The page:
Saturday, January 27, 2007

Some advice when you're planning on giving a book as a gift to your mother...

... scan through it first! I had bought Running With Scissors for my mother before Christmas and was just sitting down to wrap it when I happened to glance through it. Per chance, I landed on the first page of the chapter that begins on page 114 (of the edition shown on the left). It would make a sailor blush! My mother's no prude, but I'm pretty sure she wasn't interested in receiving quasi-pornography from her son for Christmas. I'm sure it likely has a place in the story, but whoa... some things a mother just doesn't need to get from her son. Awkward!

One last retro Sesame Street clip... Wow, memories!

More retro TV for a cold winter Saturday...

Growing up in the 70s and 80s, the NBC soap "Another World" was pretty much an obligatory part of after-school TV viewing. Click above for the final scene of the final show that aired on June 25, 1999. After many years of speculation, the axe finally fell and the show was cancelled after more than 35 years on the air and a mind-boggling 8,891 episodes. These days, a TV series that makes it to five years is a rarity -- 35 years is nearly unheard of. Viewers with access to the specialty cable channel SOAPnet can watch repeats (in order) from the July 1, 1987, episode onward. They're currently airing episodes from 1991. And if you consider yourself the show's biggest fan, I bet you have nothing on this guy who has amassed an incredible array of facts and trivia about the late great Another World.

If you grew up in the 70s, you may remember this from Sesame Street...

Friday, January 26, 2007

An excellent literacy and numeracy campaign from the U.K.

The "Get On" campaign from the U.K.'s Department for Education and Skills seeks to promote adult literacy and numeracy by helping people get rid of their "gremlins" -- i.e. their fear of learning. Click the photo for one of my favourite ads from the campaign -- Bad Dad -- where a father tries to get out of helping his young daughter with her math homework because he doesn't understand it. His "gremlin" is more than happy to torment him. This is social advertising at its best, if you ask me.

Keisha @ Moncton SPCA

Poor little Keisha is still looking for a home. She has been in the care of the SPCA for a very long time... since last April, I believe. Although she is now in foster care instead of at the shelter, she would dearly love to be adopted into a permanent home. Keisha can have a strong personality at times, but that only adds to her overall character. And besides, if you'd have waited this long for a home, you'd be grumpy, too. ;-) Calling all you cat lovers out there! Please consider giving Keisa a new home. Click on the photo for more information.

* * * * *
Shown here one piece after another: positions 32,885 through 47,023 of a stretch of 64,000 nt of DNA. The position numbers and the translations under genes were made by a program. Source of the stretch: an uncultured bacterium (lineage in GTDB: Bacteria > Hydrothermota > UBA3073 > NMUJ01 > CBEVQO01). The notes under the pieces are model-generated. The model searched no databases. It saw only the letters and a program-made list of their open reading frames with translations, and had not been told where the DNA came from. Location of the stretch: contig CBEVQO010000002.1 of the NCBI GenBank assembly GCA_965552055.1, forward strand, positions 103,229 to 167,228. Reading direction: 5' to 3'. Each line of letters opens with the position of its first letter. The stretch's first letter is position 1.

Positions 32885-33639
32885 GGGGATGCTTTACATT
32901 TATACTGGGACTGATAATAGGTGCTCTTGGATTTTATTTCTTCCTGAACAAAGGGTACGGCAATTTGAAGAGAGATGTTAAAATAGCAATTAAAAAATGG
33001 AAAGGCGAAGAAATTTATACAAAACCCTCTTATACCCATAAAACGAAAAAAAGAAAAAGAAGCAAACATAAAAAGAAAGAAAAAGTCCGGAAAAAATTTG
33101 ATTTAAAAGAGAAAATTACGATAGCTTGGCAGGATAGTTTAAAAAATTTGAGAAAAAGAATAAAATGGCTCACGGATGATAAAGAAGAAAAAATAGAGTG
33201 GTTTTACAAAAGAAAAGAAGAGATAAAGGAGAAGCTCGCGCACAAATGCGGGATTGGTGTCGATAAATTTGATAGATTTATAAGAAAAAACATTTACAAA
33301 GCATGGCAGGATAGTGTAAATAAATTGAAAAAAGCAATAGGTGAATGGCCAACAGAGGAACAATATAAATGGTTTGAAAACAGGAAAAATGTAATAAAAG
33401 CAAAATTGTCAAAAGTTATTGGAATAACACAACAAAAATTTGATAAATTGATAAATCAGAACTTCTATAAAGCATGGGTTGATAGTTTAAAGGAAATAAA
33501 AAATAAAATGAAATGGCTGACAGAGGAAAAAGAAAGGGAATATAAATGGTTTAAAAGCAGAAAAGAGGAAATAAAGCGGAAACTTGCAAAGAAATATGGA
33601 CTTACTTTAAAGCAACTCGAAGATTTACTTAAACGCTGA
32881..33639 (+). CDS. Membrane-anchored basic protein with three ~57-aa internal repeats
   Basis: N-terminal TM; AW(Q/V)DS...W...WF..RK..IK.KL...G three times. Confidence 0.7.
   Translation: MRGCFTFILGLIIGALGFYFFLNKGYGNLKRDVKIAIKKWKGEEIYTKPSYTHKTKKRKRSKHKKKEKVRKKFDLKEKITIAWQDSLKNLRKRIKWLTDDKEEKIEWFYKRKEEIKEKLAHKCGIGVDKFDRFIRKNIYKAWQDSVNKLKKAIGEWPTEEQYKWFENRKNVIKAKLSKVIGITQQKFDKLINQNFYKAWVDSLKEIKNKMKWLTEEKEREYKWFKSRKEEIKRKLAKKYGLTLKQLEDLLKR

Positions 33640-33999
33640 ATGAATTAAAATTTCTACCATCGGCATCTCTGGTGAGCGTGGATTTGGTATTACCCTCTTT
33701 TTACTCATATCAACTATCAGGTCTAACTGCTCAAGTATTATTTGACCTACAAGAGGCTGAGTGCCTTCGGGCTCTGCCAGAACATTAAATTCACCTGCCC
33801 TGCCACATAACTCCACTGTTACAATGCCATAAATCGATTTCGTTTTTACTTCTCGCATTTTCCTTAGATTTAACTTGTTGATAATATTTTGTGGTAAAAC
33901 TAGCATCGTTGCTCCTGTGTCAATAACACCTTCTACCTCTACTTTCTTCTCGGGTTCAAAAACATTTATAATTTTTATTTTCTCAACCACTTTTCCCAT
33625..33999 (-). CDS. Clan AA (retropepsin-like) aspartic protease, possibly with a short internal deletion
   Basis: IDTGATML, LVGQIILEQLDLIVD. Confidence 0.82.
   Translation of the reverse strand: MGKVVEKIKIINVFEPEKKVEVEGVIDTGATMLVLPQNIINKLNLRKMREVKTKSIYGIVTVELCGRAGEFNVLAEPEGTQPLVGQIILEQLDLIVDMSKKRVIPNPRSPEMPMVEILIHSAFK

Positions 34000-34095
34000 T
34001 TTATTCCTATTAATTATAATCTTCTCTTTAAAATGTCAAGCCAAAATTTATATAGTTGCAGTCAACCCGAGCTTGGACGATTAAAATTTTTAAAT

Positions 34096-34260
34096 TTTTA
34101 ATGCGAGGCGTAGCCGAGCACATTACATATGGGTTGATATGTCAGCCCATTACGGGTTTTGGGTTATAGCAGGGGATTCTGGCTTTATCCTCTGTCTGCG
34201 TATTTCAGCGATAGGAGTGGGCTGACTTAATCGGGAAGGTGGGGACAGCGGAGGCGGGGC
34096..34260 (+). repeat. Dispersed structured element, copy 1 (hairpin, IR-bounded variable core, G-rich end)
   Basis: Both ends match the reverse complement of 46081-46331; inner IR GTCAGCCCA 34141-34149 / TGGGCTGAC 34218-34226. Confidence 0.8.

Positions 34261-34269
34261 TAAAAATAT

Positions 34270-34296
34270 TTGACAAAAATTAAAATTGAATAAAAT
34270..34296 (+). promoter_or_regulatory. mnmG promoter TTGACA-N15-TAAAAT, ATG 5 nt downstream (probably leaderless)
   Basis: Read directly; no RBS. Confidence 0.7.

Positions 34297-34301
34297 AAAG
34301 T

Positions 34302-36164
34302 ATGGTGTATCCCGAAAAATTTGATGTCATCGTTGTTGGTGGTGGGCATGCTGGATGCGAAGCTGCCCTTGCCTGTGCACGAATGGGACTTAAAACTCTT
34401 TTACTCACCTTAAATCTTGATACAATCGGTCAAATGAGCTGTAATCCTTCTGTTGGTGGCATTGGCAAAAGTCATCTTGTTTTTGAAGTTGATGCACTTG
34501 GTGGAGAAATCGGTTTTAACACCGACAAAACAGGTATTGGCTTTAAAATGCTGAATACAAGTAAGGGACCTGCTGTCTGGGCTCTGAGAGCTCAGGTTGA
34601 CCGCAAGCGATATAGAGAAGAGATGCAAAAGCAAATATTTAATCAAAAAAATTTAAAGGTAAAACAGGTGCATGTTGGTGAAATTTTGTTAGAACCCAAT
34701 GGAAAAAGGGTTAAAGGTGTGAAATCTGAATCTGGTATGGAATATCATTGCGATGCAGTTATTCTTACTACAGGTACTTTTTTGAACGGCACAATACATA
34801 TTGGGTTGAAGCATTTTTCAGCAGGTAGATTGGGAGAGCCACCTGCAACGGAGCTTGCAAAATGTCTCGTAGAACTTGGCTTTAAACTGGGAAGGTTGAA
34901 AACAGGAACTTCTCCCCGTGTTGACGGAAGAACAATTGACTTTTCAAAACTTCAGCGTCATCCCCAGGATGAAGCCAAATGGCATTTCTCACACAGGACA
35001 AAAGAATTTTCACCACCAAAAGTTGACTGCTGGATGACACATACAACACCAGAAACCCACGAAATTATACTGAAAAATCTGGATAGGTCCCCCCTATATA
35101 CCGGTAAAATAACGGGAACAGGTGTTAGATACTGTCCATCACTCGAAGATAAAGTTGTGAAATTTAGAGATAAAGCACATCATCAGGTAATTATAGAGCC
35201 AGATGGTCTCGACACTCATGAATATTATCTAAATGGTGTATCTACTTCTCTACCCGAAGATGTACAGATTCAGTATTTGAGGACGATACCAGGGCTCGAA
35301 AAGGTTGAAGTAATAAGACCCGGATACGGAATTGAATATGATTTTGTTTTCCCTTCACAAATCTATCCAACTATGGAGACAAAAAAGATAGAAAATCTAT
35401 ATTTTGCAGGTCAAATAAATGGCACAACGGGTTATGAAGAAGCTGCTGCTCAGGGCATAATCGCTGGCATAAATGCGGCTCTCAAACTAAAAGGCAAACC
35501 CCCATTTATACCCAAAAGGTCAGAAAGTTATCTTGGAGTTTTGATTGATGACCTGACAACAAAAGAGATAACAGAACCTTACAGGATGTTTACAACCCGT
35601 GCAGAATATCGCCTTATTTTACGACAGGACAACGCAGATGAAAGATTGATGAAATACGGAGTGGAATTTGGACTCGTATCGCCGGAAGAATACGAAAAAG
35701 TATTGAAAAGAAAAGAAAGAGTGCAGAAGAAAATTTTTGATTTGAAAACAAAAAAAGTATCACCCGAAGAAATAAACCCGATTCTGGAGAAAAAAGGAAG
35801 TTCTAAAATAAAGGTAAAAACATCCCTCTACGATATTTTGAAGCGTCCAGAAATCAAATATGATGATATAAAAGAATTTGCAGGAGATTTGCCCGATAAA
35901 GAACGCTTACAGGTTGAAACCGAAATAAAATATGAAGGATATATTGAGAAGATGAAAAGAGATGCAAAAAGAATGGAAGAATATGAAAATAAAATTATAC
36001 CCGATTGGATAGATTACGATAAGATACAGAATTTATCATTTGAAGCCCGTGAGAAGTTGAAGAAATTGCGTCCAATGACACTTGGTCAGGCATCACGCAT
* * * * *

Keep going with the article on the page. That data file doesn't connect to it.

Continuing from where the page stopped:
When they find those 16 altar boys buried in my basement, this will explain why:

Brian "Little Miss Canada" Cormier, 1965

Parents: Dressing your baby sons in women's lingerie is not... I repeat not... funny.

Local romance author making her mark on the literary world...

This is Julianne MacLean's latest book -- Surrender to a Scoundrel. Julianne is a good friend of mine and lives in Bedford, Nova Scotia. She's a very successful USA Today bestselling author with a growing repertoire of critically acclaimed work. If you enjoy the historical romance genre or are looking for a good place to start, check out Julianne's books. Click on the photo to go to her official website. Her books are also carried at bookstores and online sellers.

Thursday, January 25, 2007

Following a long path that leads to a blog

Brian Cormier
Hump day
Published Wednesday January 24, 2007
Appeared on page D6, Times & Transcript

I've been writing ever since I was a kid. I would write letters to my aunt and to my grandparents about everything from what was going on in my family to stuff that happened in school.

Once, I excitedly wrote my aunt about how I'd laughed at a girl who accidentally flashed her panties at us when she fell while running in the playground. (I was one step away from being a serial killer, I tell ya.)

At school, I would write stories of all kinds. Then, in junior high, as the hormones kicked in, I drifted away from the "Dear Grandma" type of letters toward attempts at a more adult style of writing. Unfortunately, a desire to write combined with the hormones of a 14-year-old was just not a good combination.

I wrote one issue of a gossip magazine that I sold on the school grounds for 75 cents each. It was called "Heartbreak of Vanier," named after the school I attended at the time. It was chock-full of adolescent gossip such as why various couples had broken up, who cheated on whom, etc. I'm not sure how much of it was true, but it was all based on stuff I'd actually heard, so likely half was true and half wasn't.

Needless to say, it caused quite a ruckus and nearly got my head kicked in.

My next foray into journalism occurred when I wrote a humour magazine - again for only one issue during junior high. Think of what would make a bunch of 14-year-old boys laugh their heads off and you can pretty much guess at the maturity level of the magazine. It's too bad that I didn't keep a copy of either one of these works of art. They'd probably be worth something on eBay after I get famous for something.

Then, in 1979, I entered high school and promptly volunteered to write a weekly column that appeared in this very newspaper about various activities going on at school. My newfound "power" quickly resulted in me being chastised by student council for being critical of students who would leave their lunch trays on the cafeteria tables without properly cleaning them and stacking them neatly in the approved area. The student council president told me that I was giving the school a bad image.

For a short time, I was replaced temporarily by the school, but whoever took over quit rather quickly since they were not dedicated - like I was - to getting copy in on time to the newspaper. Remember, back then there was no option of e-mail and there were no home computers. Everything was done on a typewriter and submitted to the newspaper on paper and by hand. I remember the smell of ink in the newspaper building so well. It was incredibly intoxicating to a writer.

I got paid for the newspaper column, but this didn't compare to the windfall of winning my first story contest. A story I wrote about Santa Claus being an Acadian garnered me a $100 prize from a local newspaper. Up until a few years ago, my cousin - a teacher - used to read the story to her class every year. The story even earned me a fan letter from a girl who also requested my autograph.